James Monaco's Movie Guide gave "Five Graves to Cairo" 4 1/2 stars ouot of 5 and praised its "devilishly clever plotting," dialogue and cast, particularly Erich von Stroheim. "Foreign Affair" has 3 1/2 of 4 stars in Leonard Maltin's Movie Guide, which calls it a "great Wilder comedy."
The official word:
Two 1940s classics by Billy Wilder, one of the most acclaimed filmmakers of the studio era, are coming to DVD for the first time ever from Turner Classic Movies (TCM) and Universal Studios Home Entertainment (USHE). Released as part of the TCM Vault Collection, the two-disc Directed by Billy Wilder set includes the wartime espionage thriller Five Graves to Cairo (1943), starring Franchot Tone, Erich von Stroheim, Anne Baxter and Akim Tamiroff, and the delightfully cynical comedy A Foreign Affair (1948), with Jean Arthur, Marlene Dietrich and John Lund.
Directed by Billy Wilder will be available exclusively through TCM’s online store at http://shop.tcm.com, beginning Oct. 15. On-screen bonus materials include publicity stills and behind-the-scenes photos, posters, lobby cards, pressbooks and more.
The 1940s marked an important transition in Billy Wilder's career, one that saw him emerge as one of Hollywood's most talented writer-directors. In between making Five Graves to Cairo and A Foreign Affair, Wilder won Oscars® for writing and directing the 1945 Best Picture winner, The Lost Weekend. The two films in TCM and Universal's Directed by Billy Wilder DVD set are reflective of Wilder’s astringent wit, piercing intelligence and attraction to controversial subject matter that yielded some of his finest work during this decade.
Five Graves to Cairo (1943)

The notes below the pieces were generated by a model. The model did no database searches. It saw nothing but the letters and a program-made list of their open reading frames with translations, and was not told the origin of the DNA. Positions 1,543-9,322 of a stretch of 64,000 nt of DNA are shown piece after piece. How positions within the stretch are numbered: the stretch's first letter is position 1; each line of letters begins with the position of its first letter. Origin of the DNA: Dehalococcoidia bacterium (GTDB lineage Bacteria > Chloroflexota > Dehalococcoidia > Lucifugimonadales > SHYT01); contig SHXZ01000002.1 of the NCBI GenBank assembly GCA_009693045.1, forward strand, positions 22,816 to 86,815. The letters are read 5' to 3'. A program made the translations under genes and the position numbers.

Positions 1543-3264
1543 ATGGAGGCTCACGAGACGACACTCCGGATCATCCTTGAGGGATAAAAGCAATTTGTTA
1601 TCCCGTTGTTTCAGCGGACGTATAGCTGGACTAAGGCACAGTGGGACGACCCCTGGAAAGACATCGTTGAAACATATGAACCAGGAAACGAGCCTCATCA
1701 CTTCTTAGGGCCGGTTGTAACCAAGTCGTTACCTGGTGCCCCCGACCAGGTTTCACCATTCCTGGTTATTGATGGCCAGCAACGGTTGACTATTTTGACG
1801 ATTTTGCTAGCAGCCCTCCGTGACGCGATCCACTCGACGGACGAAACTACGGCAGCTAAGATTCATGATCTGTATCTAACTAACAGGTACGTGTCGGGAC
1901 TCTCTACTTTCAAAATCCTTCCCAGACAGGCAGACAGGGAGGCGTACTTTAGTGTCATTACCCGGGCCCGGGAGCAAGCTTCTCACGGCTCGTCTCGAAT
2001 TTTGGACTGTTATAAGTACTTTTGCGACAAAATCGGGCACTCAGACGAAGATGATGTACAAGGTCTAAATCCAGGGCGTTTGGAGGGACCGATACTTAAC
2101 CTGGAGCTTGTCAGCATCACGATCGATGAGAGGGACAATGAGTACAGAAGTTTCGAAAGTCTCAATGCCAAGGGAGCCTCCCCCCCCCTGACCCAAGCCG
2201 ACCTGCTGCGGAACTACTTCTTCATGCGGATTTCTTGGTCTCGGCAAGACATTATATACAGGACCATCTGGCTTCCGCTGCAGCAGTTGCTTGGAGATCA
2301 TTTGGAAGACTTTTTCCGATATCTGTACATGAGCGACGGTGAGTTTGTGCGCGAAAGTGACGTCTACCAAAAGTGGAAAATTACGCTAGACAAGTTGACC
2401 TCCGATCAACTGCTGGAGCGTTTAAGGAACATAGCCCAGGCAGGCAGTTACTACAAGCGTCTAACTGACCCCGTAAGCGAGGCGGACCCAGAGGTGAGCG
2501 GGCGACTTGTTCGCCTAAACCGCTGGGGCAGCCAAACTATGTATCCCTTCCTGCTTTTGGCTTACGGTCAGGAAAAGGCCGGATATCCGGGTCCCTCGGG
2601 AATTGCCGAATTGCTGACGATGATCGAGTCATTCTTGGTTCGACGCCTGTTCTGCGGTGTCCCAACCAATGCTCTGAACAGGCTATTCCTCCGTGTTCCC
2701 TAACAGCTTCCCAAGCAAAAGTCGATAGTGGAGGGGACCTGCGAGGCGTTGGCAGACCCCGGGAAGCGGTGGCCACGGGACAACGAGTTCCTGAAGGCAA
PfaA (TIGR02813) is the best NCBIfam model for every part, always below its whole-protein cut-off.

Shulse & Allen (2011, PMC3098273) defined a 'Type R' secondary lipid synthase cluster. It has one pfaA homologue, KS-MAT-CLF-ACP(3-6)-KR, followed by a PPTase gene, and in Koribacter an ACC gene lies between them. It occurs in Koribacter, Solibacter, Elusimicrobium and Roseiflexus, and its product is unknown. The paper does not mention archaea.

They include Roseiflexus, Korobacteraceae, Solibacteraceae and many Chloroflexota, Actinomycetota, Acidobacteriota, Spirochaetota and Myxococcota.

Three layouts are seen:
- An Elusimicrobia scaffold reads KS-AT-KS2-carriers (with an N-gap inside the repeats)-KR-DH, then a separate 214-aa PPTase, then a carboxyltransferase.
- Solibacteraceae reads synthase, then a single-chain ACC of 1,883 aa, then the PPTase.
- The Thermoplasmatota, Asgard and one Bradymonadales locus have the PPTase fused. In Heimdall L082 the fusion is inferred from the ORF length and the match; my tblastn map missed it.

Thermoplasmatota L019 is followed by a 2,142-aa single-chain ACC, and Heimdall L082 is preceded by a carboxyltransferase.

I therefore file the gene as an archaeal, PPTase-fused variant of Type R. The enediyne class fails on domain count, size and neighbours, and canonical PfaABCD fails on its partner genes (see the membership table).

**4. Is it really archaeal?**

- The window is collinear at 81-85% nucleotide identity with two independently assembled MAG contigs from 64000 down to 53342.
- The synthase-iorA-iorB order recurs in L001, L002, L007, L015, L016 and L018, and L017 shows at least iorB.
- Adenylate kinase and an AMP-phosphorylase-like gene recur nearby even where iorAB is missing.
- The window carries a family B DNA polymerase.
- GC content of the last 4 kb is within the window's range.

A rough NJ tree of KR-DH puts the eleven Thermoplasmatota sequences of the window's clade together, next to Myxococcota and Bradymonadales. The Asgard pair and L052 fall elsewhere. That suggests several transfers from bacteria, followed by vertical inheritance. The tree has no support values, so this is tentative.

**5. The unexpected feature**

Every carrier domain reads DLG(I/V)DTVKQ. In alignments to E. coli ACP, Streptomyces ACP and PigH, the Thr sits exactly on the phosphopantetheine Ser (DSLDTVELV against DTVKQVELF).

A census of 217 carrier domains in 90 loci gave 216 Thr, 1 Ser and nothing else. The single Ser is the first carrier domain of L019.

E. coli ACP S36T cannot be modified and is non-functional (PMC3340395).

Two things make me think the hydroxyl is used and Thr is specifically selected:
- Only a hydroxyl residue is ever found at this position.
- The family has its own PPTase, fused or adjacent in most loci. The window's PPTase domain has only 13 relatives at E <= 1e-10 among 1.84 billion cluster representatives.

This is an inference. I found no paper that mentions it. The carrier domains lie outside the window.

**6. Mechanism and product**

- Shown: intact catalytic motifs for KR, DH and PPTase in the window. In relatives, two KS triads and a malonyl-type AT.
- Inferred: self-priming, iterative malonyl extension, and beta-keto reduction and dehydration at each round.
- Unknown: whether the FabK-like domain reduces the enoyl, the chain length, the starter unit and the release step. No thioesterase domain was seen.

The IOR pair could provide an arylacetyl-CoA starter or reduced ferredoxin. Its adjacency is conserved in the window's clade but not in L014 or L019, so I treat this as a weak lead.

In Five Graves to Cairo, Franchot Tone stars as a British corporal who goes undercover in a Cairo hotel to infiltrate the inner circle of Field Marshal Rommel (Erich von Stroheim) and expose his plans to the Allies. Anne Baxter and Akim Tamiroff run the hotel in this exciting film that showcases Wilder and co-screenwriter Charles Brackett's skill at balancing drama, action and humor. Five Graves to Cairo earned Oscar® nominations for its art direction-interior decoration (Hans Dreier, Ernst Fegté and Bertram C. Granger); cinematography (John F. Seitz) and film editing (Doane Harrison).
A Foreign Affair (1948)
Billy Wilder's A Foreign Affair stars Jean Arthur as a prim Congresswoman who gets caught up in the decadence and black market world of post-war Berlin. Marlene Dietrich, who plays Arthur's rival for the affections of an Army captain (John Lund), shines with performances of the songs "Ruins of Berlin" and "Black Market." The screenplay by Wilder, Charles Brackett and Richard L. Breen earned an Oscar® nomination, as did Charles Lang's outstanding cinematography.
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